In a propaganda video released by the SITE Intelligence Group Wednesday, an ISIS member describes the Barcelona perpetrators as "our brothers," while another threatens "Spanish Christians" and promises to return the country to the "land of the Caliphate."
Soon after the Barcelona attack, ISIS' media wing, Amaq, issued a statement calling the attackers "soldiers of the Islamic State," although ISIS did not explicitly claim responsibility.
Four men have been arrested since the attack -- one in Alcanar and three in Ripoll. Three were Moroccan citizens and another was Spanish; the men ranged in age from 21 to 34. None were on authorities' radar for potential terrorism links.
Appearing in court Tuesday, one of the suspects said they planned to target "monuments" in Barcelona
All 12 members of the alleged terror plot are believed to be dead, including the suspected driver of the van
who was shot by police Monday
during an operation in Subirats, west of Barcelona.
Terror cell base
Evidence of the planned attacks has alarmed many in Spain, highlighting the possibility the authorities knew nothing of an advanced plot to mount a terror attack until an accidental explosion at the perpetrators' base.
A subsequent investigation has focused on that base -- a property in Alcanar, a coastal village southwest of Barcelona, that blew up last week before the attacks.
The house is suspected of having been used as a base to make bombs
that could have caused even more devastation had they not blown up prematurely.
A source briefed on the probe told CNN a preliminary assessment indicated traces of the powerful explosive TATP in the rubble. TATP was used in a series of deadly bombing attacks in Europe in recent years.
The loss of those explosives meant the subsequent attack in Barcelona was "more rudimentary than they originally planned," Catalan police chief Josep Lluis Trapero said.
Police believe Muslim cleric Abdelbakir El-Satty is among those who died in the Alcanar blast. Some Spanish media reported he shared a jail cell with one of the terrorists involved in the 2004 Madrid bombings that killed at least 191 people and left hundreds injured.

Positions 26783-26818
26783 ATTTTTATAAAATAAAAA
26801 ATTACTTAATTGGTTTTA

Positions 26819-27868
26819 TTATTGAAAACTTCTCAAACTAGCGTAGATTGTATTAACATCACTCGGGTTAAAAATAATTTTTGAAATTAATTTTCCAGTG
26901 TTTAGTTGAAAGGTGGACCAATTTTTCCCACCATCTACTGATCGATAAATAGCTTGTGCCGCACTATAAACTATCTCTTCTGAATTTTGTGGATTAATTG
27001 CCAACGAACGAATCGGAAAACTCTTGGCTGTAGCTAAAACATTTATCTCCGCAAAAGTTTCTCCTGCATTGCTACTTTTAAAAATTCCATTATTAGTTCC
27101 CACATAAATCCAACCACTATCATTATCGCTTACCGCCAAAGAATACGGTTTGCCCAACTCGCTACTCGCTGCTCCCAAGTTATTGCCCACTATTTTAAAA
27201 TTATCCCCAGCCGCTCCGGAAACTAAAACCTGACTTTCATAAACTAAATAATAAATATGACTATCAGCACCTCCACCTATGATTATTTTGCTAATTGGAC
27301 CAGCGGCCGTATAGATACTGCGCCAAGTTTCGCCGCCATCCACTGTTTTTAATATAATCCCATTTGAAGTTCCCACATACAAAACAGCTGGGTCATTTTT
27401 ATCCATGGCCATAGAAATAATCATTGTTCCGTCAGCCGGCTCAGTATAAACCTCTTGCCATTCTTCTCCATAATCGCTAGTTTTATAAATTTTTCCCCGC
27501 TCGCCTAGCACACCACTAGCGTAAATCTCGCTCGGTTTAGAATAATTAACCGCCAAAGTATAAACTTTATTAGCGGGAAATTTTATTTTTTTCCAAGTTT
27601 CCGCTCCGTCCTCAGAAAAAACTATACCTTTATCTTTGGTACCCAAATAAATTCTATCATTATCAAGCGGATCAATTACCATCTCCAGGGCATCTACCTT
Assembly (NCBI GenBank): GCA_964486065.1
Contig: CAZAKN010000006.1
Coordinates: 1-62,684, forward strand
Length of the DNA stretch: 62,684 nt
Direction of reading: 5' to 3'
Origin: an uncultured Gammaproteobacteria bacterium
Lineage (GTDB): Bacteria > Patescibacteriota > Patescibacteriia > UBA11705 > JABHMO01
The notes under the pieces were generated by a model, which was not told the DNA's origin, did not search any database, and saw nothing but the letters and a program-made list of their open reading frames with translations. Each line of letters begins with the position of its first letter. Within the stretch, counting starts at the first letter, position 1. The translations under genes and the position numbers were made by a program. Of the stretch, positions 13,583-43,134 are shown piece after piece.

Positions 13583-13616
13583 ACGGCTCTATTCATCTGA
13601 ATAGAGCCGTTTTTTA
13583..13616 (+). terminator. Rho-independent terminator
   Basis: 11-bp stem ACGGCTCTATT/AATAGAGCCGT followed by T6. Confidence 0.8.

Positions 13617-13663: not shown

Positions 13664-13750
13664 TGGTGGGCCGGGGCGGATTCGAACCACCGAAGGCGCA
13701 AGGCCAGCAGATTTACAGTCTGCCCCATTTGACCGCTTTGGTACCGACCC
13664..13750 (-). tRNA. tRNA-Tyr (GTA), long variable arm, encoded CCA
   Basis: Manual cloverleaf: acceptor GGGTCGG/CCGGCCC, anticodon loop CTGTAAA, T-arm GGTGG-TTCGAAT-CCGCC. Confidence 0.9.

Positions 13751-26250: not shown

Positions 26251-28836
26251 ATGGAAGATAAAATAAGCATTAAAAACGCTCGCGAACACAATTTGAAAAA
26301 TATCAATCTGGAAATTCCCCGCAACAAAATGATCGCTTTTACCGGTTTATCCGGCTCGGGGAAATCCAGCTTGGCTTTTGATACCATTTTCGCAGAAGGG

Responding to those reports, Catalan Justice Minister Carles Mundó i Blanch said "we are not aware that this person had any communication with any inmate in any prison in Catalonia. He finished his sentence and went free."
How the attacks unfolded
The first sign of the terror cell's activities -- although its significance was not immediately understood -- came the night before the Barcelona attack when the house in Alcanar was almost completely destroyed by an unexpected explosion
Thwarted by the explosion of ammunition and possibly alarmed at the attention it had drawn, it appears that the surviving members of the cell scrambled to mount an alternative plan.
The next day at about 5 p.m., a rental van was driven at high speed from Barcelona's Plaça de Catalunya deep into the teeming crowds on the city's most famous thoroughfare, Las Ramblas.
At least 13 people were killed and 120 injured.
Hours later, as details of the atrocity in Barcelona were still emerging, five attackers drove an Audi A3 into several pedestrians in Cambrils, 120 kilometers (75 miles) south of Barcelona, early on Friday morning.
Police engaged in a shootout with the attackers, and all five were shot dead, four of them by one officer.